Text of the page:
Thinking more about http://typophile.com/node/102265#comment-554633, I realized that I know zilch about fonts used on the older-generations typewriters. You know: those before Selectric’s changeable type (or was there changeable type before IBM?), and before Courier.
(For Selectric, it is clear what to do: the specimens are supposed to be available from IBM on http://ibmcomposer.org/joomla/images/stories/fonts/ComposerFonts.pdf, but this download is broken; I used http://luc.devroye.org/IBMSelectricComposerFonts.pdf.)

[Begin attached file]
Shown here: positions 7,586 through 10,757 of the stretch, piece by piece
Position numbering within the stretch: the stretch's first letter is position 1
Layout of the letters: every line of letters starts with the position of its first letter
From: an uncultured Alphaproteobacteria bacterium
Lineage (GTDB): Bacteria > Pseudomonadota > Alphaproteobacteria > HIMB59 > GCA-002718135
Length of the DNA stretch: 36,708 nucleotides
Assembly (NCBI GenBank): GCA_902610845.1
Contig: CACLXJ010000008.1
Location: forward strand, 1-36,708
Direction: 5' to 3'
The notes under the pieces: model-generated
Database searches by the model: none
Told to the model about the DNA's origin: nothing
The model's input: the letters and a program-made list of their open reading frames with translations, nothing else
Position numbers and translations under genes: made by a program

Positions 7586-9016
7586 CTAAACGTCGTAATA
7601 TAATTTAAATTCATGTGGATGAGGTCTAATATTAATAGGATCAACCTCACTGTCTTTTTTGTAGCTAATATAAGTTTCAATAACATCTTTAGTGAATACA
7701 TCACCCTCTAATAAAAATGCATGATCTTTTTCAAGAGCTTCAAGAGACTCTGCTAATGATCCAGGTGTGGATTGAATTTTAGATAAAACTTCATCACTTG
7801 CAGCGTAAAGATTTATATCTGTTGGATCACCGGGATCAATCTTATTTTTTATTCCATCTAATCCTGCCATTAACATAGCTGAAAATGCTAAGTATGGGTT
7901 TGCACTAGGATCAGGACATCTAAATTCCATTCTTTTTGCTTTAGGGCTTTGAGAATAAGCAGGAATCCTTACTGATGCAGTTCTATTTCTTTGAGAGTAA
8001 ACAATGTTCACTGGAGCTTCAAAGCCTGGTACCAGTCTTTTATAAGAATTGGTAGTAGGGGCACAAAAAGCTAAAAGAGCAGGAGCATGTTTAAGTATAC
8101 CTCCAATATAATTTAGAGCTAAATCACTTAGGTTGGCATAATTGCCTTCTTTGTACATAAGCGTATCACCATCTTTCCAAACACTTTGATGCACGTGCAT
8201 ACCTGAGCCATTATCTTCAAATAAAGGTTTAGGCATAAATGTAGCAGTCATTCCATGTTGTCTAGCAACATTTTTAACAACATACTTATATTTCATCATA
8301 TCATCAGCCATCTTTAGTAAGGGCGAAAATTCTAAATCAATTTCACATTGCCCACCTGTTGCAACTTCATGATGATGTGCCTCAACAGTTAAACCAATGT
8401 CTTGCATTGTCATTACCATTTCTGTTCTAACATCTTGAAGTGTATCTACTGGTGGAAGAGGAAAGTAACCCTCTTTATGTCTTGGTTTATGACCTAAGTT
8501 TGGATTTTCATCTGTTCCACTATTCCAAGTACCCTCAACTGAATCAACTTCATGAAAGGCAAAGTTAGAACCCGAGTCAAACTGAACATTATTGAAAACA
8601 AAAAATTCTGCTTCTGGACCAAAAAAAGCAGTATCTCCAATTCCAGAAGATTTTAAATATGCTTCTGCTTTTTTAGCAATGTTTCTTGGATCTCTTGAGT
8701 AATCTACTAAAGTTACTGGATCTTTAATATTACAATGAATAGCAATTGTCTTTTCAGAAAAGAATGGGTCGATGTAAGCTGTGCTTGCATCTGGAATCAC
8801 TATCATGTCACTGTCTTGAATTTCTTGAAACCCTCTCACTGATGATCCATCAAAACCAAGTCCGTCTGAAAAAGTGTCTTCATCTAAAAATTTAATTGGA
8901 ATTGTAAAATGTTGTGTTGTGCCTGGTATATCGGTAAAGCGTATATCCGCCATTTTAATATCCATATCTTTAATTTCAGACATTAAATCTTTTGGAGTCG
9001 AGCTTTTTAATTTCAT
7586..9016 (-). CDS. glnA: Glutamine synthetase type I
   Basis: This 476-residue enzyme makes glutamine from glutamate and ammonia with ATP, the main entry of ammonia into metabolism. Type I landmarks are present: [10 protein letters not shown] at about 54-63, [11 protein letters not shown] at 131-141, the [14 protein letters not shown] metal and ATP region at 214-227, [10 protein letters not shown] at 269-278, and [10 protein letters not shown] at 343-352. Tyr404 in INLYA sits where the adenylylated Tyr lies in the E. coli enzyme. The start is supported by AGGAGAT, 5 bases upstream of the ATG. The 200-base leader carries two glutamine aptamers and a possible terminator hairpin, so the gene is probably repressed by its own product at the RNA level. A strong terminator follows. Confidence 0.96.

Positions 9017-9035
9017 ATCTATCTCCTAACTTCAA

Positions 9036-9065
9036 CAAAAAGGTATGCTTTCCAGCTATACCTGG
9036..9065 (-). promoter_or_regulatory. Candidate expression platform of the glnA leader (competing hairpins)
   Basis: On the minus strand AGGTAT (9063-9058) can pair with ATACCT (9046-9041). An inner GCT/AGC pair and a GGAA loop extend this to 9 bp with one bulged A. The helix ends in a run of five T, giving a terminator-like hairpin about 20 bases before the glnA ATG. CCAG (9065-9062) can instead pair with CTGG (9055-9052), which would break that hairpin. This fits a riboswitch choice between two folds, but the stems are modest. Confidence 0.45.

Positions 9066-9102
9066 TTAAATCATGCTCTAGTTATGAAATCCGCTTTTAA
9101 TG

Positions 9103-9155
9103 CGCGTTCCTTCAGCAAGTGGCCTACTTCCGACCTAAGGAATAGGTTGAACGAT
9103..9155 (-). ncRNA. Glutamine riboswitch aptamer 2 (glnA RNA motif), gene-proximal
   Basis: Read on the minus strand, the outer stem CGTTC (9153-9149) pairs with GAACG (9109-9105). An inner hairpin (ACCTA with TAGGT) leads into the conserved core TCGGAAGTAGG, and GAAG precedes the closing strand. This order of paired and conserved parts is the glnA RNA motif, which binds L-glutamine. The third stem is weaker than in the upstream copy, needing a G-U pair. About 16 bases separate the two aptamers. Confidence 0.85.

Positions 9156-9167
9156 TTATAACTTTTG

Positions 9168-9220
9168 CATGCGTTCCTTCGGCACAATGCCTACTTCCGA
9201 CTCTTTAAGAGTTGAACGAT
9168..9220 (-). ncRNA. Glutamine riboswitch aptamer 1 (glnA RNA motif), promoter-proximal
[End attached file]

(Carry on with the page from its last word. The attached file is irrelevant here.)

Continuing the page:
All I could find on typophile is the discussion of keycap's font on http://typophile.com/node/60016, and the what-is-this-typewriter police academy paper mentioned on http://typophile.com/node/58501#comment-480816 (and this paper mentions only shapes of a handful of letters, and not combinations). Well, there is also http://typophile.com/node/16094, but I cannot make anything from this. So:
- how was the font for the first typewriter chosen?
- why so ugly? Is it to hide unreliable positioning of letters on the line? (And, in pre-electric times, variable strike force?)
- how much choice of different types was actually there? (Within a manufacturer, or across manufactures?)